God never abandons God’s people without a prophet… and we’re hearing from and learning from a number of them.

    Praise our Creator, our Living Lord, from Whom all blessings flow! Amen. —DHF

  • Don Badgley says:

    In my vision of a right ordered Yearly Meeting I came up with this alternative to the grotesque statement they proposed:

    We, The New York Yearly Meeting of the Religious Society of Friends (Quaker) are led to acknowledge and to confront the tragic reality of racism in the world around us and, also in our faith community, both historically and at present. Regardless of our good intentions, the facts of racism, “white supremacy” and white privilege continue to influence our behaviors and impede us from achieving the beloved community to which we aspire. This reality causes wounds and remains an affliction that encumbers our effectiveness in sharing Divine Truth with one another and with the wider world.

    We are also certain that accusation, judgement, and worldly solutions are not paths to the healing and forgiveness we seek and may serve to separate us from the Living Presence that Guides us in our search for Truth. We live in the certainty that when we are led by The Spirit of Christ we are led into unity and Love. We know that this Source is the Living Root of our Faith Community and the only path to reconciliation, justice, healing and spiritual unity.

    We surely know that racism is a sad fact of our humanity and a grim symptom of separation from The Divine Light. Racism and its manifestations are real and evil, and all Friends, indeed all people, are victims of that evil. We also know that there is no evil that the Living Spirit cannot overcome.

    Let us share that simple Truth with everyone. Let us acknowledge our failures, acknowledge the wounds we cause and the wounds we suffer and then to trust to the Divine Source to heal us; all of us. May we ever demonstrate that we are one family and that, “as Quakers, we place our faith in the living Spirit.”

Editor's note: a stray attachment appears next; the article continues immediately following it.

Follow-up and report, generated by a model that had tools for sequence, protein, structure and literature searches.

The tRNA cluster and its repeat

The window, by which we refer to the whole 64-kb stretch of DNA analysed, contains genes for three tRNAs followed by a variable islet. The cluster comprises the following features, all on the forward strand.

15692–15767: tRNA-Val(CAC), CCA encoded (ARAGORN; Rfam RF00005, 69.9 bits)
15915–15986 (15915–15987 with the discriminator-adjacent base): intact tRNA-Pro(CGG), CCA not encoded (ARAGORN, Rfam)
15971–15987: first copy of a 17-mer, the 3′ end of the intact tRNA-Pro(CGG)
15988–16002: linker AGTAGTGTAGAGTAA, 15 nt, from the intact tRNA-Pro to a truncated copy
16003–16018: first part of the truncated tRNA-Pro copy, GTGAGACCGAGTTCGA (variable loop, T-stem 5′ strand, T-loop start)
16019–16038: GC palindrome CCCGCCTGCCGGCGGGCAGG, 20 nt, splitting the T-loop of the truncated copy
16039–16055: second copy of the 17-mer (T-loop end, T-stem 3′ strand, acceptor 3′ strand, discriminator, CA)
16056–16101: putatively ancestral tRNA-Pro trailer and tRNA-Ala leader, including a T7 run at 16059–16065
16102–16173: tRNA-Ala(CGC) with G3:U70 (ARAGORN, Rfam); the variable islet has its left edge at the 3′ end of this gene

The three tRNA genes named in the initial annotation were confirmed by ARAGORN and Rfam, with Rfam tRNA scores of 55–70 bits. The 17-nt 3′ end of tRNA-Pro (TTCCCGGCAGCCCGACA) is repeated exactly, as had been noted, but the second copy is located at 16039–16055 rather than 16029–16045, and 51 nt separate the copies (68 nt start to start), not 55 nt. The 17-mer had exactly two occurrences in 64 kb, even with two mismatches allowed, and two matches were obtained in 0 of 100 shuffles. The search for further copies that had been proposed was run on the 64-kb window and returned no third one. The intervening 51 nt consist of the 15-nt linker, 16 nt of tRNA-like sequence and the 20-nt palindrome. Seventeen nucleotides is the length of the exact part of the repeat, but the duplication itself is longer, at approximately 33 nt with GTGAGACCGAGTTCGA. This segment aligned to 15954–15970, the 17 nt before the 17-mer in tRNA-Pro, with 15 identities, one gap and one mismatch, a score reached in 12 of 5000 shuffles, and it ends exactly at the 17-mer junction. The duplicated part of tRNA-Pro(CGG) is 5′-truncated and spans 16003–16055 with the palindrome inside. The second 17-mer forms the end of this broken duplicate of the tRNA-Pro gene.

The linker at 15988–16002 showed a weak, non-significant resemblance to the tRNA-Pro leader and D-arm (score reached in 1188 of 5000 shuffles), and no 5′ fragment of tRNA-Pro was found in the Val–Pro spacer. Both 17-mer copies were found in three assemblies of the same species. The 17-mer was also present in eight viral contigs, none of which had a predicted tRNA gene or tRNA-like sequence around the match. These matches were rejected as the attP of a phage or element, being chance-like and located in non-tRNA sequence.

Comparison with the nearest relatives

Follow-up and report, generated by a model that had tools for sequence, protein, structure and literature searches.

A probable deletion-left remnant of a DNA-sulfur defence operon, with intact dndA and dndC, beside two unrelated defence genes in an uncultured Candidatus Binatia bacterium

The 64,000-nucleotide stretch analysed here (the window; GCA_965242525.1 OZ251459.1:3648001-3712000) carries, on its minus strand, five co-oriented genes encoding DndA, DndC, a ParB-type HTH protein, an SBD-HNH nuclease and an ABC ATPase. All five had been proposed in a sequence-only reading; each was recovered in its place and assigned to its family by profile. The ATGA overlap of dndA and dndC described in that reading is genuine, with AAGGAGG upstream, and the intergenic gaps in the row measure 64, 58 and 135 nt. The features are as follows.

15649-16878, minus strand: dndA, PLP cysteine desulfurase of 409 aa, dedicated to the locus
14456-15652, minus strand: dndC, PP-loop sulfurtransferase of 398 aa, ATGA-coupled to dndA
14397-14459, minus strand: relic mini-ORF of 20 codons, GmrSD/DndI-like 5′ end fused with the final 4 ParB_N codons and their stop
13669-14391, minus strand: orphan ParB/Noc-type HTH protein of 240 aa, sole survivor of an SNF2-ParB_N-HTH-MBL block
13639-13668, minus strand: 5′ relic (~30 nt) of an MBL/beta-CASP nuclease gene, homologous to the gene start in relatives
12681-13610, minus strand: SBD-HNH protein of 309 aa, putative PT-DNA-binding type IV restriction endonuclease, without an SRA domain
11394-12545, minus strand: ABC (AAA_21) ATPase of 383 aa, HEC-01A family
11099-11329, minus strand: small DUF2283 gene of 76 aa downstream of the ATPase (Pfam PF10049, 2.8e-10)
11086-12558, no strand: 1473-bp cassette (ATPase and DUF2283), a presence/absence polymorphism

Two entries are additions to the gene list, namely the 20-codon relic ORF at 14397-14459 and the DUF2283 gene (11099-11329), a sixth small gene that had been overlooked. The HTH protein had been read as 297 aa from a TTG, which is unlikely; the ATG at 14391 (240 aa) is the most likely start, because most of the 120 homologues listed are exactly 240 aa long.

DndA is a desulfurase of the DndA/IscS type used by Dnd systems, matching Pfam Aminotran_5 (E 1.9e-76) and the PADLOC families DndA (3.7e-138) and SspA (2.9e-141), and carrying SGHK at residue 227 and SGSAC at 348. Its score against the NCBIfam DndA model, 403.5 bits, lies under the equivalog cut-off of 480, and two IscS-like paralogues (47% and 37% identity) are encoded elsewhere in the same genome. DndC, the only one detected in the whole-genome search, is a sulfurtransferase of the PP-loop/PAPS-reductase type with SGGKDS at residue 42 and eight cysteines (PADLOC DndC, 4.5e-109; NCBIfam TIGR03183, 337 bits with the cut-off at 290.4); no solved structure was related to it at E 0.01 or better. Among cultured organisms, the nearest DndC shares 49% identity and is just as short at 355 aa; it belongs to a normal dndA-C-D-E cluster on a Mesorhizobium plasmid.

• Yes, it’s a good place to start: “NYYM is being led by God into transformation as a community, not “to create a vision and experience”, but to follow a vision out of our experience of divine guidance.” “If this anti-racist work is the yearly meeting’s leading of the Holy Spirit, then describe the experience of being led, the openings, the discernment, the ministry. I would express the whole thing as a direct calling to collective transformation and ministry by the Holy Spirit.” “if we are speaking to the wider society, then biblical and “God” “language” is both apt and truly powerful.”

    As members of the Religious Society of Friends, we are called to speak of our experience of how God/Spirit/Christ/the Light leads us to live, and to evoke that experience in others. We will not do using merely secular language and secular reasons.

    Thank you.

  • Steve, thank you! But after reading your comments, I can’t bear to read the original document you commented on. I think it might break my heart. Friends’ witness against racism deserves better
    The Quaker movement originally grew out of shared experiences of guidance by the living Christ, experienced inwardly. If today’s Quakers can’t agree to own and obey Christ — not the words of the New Testament, as Joseph John Gurney prescribed when he repudiated the original Quakers’ understandings, but the Everlasting Gospel received from Christ Jesus by George Fox and the first Friends — then I’m not surprised that what comes out of their discernment process shows signs of confusion and lacks persuasive force.
    You write: “But, you say, the yearly meeting could never come to unity about this kind of God language, let alone mention of Christ. Okay, so then change your name. How about the Good-but-secular Society of Post-Christians?”
    But do I want to draw persons of color to a Good-but-secular Society of Post-Christians, and welcome them into an umbrella-group, and not draw them to their Savior, and welcome them into His covenanted people?